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The Fingerprint of a Galactic Nucleus: A Multi-Wavelength, High-Angular Resolution, Near-Infrared Study of the Centre of the Milky Way

Final Report Summary - GALACTICNUCLEUS (The Fingerprint of a Galactic Nucleus: A Multi-Wavelength, High-Angular Resolution, Near-Infrared Study of the Centre of the Milky Way)

The nuclei of galaxies are among the most extreme astrophysical environments in the local Universe. They contain massive black holes of millions to billions of solar masses, which are frequently surrounded by so-called nuclear star clusters. Nuclear star clusters are the densest and most massive star clusters in the present-day Universe. Stellar densities in their centres can be 10 million times higher than in the solar neighbourhood. Additionally, barred spiral galaxies, like the Milky Way, contain more extended star forming regions in their centres, often in the form of nuclear rings or spirals. The centre of the Milky Way is orders of magnitude closer than any comparable target. It is therefore a crucial laboratory for studying galactic nuclei and their role in the context of galaxy evolution, but extreme interstellar extinction and the high density of sources pose serious observational obstacles. The stars at the Galactic centre can therefore only be observed in the infrared and data with sufficiently high angular resolution and wavelength coverage (at least three filters) existed for only about 1% of its area before the start of this project. GALACTICNUCLEUS has been specifically tailored to overcome these observational challenges. It was made possible through a key technique, developed by the Principal Investigator, to obtain the necessary sensitive, high-angular resolution images with a stable point spread function over large, crowded fields.

In 150h of observations with the HAWK-I wide-field near-infrared camera at the European Southern Observatory's VLT telescope, we have thus surveyed the inner 0.3 square degrees, or about 60,000 square light years at the distance of the Galactic Centre, in three near-infrared filters with an angular resolution of 0.2". Confusion is about a factor of ten less than in any previous comparable survey. The GALACTICNUCLEUS survey thus provides a revolutionary new view of the centre of the Milky Way. We can detect on the order 100 time more stars than in any comparable previous work. The data have been made public for the entire astronomical community and constitute a treasure chest to improve our knowledge of the innermost region of the Galaxy and to prepare observations with the upcoming next-generation instruments and telescopes.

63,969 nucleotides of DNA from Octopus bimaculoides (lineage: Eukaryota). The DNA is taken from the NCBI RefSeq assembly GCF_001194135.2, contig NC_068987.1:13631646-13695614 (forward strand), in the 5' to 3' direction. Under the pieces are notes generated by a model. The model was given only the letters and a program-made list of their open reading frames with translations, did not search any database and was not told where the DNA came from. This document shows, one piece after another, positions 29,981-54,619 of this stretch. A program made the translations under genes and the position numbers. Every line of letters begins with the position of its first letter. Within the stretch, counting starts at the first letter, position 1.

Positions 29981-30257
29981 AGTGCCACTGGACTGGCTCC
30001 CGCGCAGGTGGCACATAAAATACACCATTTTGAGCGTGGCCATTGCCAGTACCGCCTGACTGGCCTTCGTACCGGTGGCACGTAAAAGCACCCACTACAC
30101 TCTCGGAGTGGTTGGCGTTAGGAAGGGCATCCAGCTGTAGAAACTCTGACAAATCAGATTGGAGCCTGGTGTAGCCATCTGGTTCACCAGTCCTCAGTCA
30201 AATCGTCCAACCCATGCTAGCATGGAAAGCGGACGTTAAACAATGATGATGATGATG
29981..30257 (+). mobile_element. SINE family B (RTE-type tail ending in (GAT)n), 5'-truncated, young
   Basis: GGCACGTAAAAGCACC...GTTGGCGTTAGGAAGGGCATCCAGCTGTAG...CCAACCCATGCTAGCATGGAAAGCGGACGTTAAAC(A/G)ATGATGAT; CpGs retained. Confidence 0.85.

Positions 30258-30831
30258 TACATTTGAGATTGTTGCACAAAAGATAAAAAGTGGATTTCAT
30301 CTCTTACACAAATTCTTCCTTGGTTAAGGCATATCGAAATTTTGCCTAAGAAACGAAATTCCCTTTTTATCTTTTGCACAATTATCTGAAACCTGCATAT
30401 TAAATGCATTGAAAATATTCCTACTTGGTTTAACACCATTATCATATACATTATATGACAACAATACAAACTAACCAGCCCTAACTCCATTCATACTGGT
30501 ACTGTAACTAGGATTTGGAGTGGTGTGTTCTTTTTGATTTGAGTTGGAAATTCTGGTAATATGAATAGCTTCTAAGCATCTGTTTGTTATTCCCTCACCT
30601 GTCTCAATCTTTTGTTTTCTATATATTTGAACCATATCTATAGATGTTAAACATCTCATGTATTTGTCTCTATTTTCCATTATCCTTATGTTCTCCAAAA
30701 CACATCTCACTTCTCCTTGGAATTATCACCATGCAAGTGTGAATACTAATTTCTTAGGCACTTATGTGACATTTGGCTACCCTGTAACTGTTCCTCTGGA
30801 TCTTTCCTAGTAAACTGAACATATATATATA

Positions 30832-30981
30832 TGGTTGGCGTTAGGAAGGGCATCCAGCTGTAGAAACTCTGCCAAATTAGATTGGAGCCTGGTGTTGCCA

The novel data from the GALACTICNUCLEUS survey provide us with a new insight into the formation history of the Galactic centre: Over 80% of the stars formed very early in the Milky Way's life, more than 8 Gyr ago. Since both star formation and black hole growth require the presence of gas, the central black hole probably acquired most of its mass during this time, too. The Milky Way is a barred spiral and bars are generally efficient at transporting gas towards the centre, which can then be converted into stars. Suprisingly, hardly any star formation occurred in the Galactic centre between about 8 Gyr and 1 Gyr ago, which implies that gas transport in the bar was stalled or that the bar only formed relatively recently in the Milky Way's life. About 1 Gyr ago, about 5% of the stellar mass of the Galactic centre formed within a time of less than 100 Myr. This outbreak of star formation must have given rise to more than 100,000 supernovae that exploded within a similarly short time scale in the Galactic Centre. Conditions then calmed down again, but in the recent past, star formation was relatively high in the Galactic Centre.

Another outstanding result of our project is that we could finally identify the so-called stellar "cusp", an exponential density increase of the old stars towards the central black hole. This implies that densities in excess of one hundred million stars per cubic light year are reached within the central 12 light days of the black hole. The discovery of the stellar cusp implies the existence of similar structures in other galaxies, which will be important source regions for gravitational waves that can be observed with future space based gravitational wave observatories.